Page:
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Lighting for Slow stock


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#1 Ashley Barron

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Posted 29 January 2008 - 03:30 PM

Hi
I'm about to work with 80D Plus-X black and white 16mm and wanted to ask how to light for such a speed?
I'm aware that as it is a slower stock it requires more light, but how does one do that with an interior, high contrast scene with very little to no fill with cigarette smoke?
Anyone with any ideas?
Muchly appreciated,
Ashley.
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#2 Chris Keth

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Posted 29 January 2008 - 08:50 PM

You really approach it the same as a fast stock. You are just using proportionally larger lamps, or more of them. For interiors on that speed you may run into problems with power and getting your distro right to have enough light while not poppig breakers every 5 minutes.
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#3 benjamin aguilar

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Posted 29 January 2008 - 09:10 PM

Hi
I'm about to work with 80D Plus-X black and white 16mm and wanted to ask how to light for such a speed?
I'm aware that as it is a slower stock it requires more light, but how does one do that with an interior, high contrast scene with very little to no fill with cigarette smoke?
Anyone with any ideas?
Muchly appreciated,
Ashley.


I've ran into the same problem(not the same lighting requirements). Since I am big into soft lighting, I have found this difficult, though was able to pull it off with some 50D before. I figure larger lamps with larger amounts of diffusion would help.

-Benjamin

Edited by benjamin aguilar, 29 January 2008 - 09:11 PM.

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#4 Saul Rodgar

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Posted 29 January 2008 - 09:46 PM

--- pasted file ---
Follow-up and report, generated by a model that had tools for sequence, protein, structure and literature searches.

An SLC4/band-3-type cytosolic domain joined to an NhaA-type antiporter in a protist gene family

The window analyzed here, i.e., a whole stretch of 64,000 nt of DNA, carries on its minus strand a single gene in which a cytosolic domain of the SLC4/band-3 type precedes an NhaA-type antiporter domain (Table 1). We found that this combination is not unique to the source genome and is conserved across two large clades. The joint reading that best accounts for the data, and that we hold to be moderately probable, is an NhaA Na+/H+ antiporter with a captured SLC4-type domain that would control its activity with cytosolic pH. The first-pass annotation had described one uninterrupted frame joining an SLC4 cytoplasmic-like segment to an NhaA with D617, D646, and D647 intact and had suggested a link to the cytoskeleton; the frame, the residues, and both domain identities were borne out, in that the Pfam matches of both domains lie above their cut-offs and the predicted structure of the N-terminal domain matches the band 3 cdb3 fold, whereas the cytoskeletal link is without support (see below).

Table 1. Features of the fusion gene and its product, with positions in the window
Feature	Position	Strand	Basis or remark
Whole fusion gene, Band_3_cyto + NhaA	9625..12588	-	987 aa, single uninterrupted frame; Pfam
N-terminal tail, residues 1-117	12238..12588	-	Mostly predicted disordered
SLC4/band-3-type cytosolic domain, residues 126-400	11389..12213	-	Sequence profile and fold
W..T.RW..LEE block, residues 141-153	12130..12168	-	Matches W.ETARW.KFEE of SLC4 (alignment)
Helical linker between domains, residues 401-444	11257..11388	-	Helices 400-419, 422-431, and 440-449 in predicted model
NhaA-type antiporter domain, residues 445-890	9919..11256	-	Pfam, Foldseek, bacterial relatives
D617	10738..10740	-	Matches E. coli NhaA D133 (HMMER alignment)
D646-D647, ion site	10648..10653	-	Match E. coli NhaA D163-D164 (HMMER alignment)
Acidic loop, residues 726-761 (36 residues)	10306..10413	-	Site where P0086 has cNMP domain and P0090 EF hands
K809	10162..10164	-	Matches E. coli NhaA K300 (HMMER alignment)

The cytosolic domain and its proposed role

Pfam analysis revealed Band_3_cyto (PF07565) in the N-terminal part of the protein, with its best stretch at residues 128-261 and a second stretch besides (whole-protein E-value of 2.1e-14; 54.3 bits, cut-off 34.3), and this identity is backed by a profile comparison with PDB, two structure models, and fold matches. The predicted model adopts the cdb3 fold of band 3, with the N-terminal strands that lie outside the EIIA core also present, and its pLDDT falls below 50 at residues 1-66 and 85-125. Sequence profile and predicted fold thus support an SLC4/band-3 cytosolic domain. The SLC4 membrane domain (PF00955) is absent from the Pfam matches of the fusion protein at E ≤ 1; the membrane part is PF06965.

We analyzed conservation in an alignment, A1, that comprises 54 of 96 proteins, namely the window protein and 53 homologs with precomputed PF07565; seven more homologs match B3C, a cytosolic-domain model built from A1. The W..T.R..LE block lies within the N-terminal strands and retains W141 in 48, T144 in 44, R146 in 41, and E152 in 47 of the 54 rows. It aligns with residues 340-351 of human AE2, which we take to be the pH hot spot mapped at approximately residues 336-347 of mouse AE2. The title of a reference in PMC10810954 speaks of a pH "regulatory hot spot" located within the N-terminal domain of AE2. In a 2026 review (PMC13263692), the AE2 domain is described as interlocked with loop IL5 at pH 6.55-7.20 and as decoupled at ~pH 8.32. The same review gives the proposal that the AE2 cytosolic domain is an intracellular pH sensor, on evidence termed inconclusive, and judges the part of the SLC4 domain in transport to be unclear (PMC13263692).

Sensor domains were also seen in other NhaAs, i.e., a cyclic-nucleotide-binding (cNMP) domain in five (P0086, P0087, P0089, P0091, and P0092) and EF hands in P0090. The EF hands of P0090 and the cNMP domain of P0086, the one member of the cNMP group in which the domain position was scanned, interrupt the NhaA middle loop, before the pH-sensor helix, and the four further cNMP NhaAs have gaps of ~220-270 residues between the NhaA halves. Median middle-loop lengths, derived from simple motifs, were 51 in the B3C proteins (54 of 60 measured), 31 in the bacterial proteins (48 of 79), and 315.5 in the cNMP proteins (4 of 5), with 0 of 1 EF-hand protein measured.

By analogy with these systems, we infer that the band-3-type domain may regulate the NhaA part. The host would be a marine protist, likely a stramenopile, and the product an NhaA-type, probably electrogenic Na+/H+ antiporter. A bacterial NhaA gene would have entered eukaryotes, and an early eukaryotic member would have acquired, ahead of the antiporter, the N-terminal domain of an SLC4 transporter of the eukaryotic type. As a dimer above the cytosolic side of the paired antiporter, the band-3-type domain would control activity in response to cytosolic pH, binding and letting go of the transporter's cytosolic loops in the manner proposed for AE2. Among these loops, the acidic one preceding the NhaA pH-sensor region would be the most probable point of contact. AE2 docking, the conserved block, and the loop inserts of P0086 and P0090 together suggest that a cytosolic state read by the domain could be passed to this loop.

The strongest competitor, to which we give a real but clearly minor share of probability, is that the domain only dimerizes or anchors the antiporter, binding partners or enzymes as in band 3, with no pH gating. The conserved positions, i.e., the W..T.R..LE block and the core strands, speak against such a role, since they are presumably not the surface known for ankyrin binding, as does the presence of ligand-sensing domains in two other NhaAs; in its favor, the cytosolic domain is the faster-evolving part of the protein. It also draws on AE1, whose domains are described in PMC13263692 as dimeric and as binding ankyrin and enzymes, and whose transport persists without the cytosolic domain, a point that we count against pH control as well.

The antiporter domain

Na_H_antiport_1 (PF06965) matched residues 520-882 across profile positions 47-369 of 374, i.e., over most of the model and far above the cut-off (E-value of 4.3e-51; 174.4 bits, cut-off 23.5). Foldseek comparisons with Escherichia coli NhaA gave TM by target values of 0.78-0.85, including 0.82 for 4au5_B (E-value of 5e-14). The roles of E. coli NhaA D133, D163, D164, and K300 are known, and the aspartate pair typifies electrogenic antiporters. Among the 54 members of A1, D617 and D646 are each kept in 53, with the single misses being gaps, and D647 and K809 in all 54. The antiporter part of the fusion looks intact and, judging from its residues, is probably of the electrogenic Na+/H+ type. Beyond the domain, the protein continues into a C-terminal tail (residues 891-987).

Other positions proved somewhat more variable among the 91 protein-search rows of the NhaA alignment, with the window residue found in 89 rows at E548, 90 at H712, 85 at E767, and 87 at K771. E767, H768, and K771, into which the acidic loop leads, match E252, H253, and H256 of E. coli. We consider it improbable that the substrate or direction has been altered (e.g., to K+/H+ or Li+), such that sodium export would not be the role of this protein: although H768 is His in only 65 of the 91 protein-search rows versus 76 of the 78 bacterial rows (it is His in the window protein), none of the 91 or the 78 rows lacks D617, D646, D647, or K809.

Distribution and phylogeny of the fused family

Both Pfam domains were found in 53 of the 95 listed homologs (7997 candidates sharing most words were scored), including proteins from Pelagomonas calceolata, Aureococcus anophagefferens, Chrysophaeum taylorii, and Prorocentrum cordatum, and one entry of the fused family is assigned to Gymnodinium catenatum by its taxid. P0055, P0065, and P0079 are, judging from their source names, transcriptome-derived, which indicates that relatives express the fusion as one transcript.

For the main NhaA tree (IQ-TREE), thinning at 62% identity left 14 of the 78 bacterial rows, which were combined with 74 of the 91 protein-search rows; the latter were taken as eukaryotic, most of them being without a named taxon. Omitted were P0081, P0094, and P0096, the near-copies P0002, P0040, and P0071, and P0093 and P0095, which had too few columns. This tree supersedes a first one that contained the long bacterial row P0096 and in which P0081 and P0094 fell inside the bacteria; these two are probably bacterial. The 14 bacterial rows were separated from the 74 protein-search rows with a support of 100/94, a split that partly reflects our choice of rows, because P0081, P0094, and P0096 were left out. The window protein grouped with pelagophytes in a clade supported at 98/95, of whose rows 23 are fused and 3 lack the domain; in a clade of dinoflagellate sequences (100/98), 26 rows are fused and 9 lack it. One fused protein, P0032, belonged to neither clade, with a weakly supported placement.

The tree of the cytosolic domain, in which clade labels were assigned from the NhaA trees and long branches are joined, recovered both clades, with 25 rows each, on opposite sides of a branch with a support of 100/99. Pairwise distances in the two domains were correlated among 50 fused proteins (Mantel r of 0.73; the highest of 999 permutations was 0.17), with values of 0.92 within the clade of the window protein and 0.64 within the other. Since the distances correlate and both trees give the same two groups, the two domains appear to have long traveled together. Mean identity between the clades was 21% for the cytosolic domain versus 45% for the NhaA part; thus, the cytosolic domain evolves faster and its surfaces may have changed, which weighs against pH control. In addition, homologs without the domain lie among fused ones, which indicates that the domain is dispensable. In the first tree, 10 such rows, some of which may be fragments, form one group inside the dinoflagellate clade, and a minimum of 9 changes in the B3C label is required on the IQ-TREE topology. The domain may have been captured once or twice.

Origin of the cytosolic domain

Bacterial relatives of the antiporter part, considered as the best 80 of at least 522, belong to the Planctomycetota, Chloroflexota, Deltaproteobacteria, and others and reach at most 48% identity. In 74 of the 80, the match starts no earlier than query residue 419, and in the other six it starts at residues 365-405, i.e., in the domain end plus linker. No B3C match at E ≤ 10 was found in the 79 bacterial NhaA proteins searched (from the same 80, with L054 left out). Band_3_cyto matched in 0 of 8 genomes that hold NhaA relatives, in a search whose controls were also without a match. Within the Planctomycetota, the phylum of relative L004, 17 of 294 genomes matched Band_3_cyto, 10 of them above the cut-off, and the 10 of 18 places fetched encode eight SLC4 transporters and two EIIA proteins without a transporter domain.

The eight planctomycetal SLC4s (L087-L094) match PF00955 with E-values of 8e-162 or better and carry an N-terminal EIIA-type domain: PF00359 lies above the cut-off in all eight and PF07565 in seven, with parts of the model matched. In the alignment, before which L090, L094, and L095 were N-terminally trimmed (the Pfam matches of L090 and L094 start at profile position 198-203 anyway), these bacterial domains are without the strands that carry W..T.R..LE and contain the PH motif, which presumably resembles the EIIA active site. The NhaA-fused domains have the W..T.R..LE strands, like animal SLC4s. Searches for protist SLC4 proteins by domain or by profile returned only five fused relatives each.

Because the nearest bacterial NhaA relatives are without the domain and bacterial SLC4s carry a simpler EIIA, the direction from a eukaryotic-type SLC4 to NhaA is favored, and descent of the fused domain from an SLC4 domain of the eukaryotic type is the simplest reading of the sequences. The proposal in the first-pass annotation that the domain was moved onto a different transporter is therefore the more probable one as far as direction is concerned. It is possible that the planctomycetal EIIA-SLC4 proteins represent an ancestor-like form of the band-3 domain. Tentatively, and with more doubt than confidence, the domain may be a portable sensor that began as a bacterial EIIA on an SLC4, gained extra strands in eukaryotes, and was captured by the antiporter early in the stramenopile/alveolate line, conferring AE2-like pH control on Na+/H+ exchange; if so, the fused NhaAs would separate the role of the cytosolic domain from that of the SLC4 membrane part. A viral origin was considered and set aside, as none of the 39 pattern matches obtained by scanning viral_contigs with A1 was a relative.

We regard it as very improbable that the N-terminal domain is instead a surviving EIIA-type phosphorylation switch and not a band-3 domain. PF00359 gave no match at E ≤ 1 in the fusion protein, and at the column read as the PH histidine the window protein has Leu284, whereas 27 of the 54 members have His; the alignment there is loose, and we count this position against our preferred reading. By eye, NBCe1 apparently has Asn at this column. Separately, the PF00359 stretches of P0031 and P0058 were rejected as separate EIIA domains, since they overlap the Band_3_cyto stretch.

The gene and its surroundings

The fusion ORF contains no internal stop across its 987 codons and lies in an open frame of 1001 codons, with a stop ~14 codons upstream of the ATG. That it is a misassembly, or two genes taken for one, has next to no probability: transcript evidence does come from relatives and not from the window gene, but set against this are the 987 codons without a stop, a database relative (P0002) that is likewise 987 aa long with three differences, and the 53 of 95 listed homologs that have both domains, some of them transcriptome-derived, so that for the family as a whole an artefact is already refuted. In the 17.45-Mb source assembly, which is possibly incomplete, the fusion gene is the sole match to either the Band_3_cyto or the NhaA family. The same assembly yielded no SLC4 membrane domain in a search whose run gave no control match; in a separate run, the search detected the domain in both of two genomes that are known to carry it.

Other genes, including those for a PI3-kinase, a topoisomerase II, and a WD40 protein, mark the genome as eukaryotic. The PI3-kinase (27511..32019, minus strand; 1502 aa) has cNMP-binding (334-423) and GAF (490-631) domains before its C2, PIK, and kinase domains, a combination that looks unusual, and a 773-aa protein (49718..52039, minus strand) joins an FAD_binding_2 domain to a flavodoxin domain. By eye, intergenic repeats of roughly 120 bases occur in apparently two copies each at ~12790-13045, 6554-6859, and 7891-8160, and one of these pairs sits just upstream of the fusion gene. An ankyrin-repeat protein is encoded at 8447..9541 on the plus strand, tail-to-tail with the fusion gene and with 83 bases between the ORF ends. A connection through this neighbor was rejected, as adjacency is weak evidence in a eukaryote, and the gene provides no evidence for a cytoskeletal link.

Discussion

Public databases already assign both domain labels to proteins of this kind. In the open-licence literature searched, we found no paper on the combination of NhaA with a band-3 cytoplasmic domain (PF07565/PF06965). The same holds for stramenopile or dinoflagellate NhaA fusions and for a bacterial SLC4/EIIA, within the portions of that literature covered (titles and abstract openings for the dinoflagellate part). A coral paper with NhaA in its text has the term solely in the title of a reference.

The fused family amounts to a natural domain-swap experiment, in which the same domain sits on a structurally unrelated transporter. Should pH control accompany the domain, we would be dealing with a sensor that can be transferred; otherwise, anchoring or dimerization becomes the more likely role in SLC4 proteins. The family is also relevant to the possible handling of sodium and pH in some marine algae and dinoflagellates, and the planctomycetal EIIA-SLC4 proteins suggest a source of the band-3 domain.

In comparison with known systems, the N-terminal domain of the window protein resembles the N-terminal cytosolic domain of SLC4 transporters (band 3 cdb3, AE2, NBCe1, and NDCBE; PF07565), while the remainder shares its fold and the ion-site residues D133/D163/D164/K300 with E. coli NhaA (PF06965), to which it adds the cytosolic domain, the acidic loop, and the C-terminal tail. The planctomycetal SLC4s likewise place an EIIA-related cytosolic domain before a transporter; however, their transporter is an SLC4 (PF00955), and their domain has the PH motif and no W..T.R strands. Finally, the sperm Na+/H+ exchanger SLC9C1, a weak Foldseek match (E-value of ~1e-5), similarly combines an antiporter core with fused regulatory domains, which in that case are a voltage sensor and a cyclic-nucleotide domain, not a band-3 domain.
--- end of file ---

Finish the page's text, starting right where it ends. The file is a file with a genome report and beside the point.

Hi
I'm about to work with 80D Plus-X black and white 16mm and wanted to ask how to light for such a speed?
I'm aware that as it is a slower stock it requires more light, but how does one do that with an interior, high contrast scene with very little to no fill with cigarette smoke?
Anyone with any ideas?
Muchly appreciated,
Ashley.


You use a lot of light, that's how. Somewhat to medium diffused sunlight coming in from big windows and your actors next to them for instance, if you don't have big lights at your disposal. Is Tri X not an option? It really depends what sort of look you are looking for, but at 80 ASA, you will need lots of light, that much is for sure.
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#5 Mike Williamson

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Posted 29 January 2008 - 10:53 PM

The look that you're describing, Ashley, is probably one of the easier looks to achieve using a slow stock with a small lighting package. If you want a high contrast scene, you're probably going to want the light harder, so use less diffusion in front of the lamps. Instead of using a 4'x4' frame, put diff on the barndoors, or don't use any. Use fresnels instead of Kinos, etc.

What gets difficult is doing large spaces and/or soft light which ends up requiring more power. A 650w or 1K fresnel will give you a lot of light if you use it direct, but when you start diffusing it or bouncing it to get a softer quality, you lose intensity. Less intensity = problems if you've got a slow film stock. It's easier to get a film noir look with smaller lights than it is to get "Sleepy Hollow" or "Lemony Snicket".